Dear Loyal Subscriber: We Have a Special Deal Just for You!

There was a time, a decade or so ago, when magazines saw their readers as smarter than average and richer than average, a combination that helped convince advertisers to buy ads. The circulation departments of monthly magazines typically offered introductory subscriptions at, say, $18 a year with the renewal rate rising to $29 a year, with the rates for weekly magazines at least double that. Most readers renewed. Successful magazines had renewal rates of around 75 percent, meaning three of four subscribers renewed.

Editors still see readers as smart people but magazine circulation departments increasingly see loyal readers as lambs to be fleeced.

Sports Illustrated as a case study: I’ve subscribed to SI for most of the last 50 years, thinking it was a wonderful mix of great photography and great writing.

Some history:

SI’s first issue appeared in 1954 and at its peak, in 2007, it had more than three million subscribers and was read by 23 million people. In 1990 it won a National Magazine Award for general excellence and SI’s publisher wrote:

It was a proud moment last week when for the second straight year, SI won the National Magazine Award for magazines with a circulation of one million or more. In announcing the award to 1,200 magazine editors, writers and publishers in Manhattan’s Waldorf-Astoria hotel, Osborn Elliott, former dean of the Columbia University Graduate School of Journalism, which administers the awards, read this citation about SI: “Week by week, the magazine merely offers excellent photography, clean design and a collection of distinctive writerly voices as varied as any in American magazines.”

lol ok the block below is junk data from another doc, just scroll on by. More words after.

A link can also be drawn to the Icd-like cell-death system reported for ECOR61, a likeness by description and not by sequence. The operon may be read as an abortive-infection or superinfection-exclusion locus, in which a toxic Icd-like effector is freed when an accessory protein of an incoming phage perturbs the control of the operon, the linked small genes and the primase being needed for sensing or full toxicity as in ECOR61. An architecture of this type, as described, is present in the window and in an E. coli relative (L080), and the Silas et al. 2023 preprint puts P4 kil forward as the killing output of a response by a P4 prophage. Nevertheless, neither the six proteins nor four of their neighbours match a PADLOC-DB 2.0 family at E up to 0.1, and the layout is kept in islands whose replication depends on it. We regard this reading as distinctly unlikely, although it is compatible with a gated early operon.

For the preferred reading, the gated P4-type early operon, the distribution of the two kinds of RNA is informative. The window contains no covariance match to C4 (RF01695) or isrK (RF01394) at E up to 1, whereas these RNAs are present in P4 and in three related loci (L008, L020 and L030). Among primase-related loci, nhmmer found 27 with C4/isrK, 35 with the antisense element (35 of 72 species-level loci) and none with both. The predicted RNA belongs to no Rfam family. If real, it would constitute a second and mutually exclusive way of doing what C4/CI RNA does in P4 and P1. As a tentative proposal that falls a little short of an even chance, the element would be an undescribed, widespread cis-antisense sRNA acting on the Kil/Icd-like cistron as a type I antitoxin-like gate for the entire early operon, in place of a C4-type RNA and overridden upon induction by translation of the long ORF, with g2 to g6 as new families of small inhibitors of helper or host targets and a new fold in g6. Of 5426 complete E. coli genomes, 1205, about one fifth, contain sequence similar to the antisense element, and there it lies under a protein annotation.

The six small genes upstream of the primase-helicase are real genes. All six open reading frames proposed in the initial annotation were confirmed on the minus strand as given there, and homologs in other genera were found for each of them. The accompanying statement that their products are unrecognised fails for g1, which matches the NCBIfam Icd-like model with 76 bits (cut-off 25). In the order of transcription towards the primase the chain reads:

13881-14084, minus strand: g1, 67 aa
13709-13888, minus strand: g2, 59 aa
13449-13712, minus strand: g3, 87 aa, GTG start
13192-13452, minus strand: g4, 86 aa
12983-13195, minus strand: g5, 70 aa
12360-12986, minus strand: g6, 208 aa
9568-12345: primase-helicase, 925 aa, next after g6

Equally kind were the words of John A. Limpert, editor of The Washingtonian magazine and a member of the panel of judges who recommended SI to ASME as this year’s winner. He said, “What really stands out at SI is that it is doing real journalism. There is good reporting that reflects a moral vision and the courage to take strong stands. We felt that the magazine is willing to be confrontational and tough, but it does this with an obvious and well-developed sense of fairness.”

A few weeks ago my issue of Sports Illustrated, which is due for renewal next June, arrived with a bright yellow cover wrap:

Free Bag With Paid Renewal!

Limited-Time Offer!

If you renew today, you’ll get a subscriber-only low price—but you have to act now.

ACT NOW! Get Your Free Gift.

The subscriber-only low price was “39 issues — Only $1.40 an issue —Save 66 percent.”

The math: 39 times $1.40 is $56.40 a year. A thank you deal for subscribers.

Go the SI’s website and they offer two years for $39—and you get your favorite team’s NFL jacket and t-shirt.

That’s how SI, and a lot of other magazines, now treat loyal subscribers.
Does the Washington Post  treat its loyal subscribers any better? Here’s a post from October about how the Post asks renewing subscribers to pay $703 a year while offering the paper to new subscribers for $100 a year.

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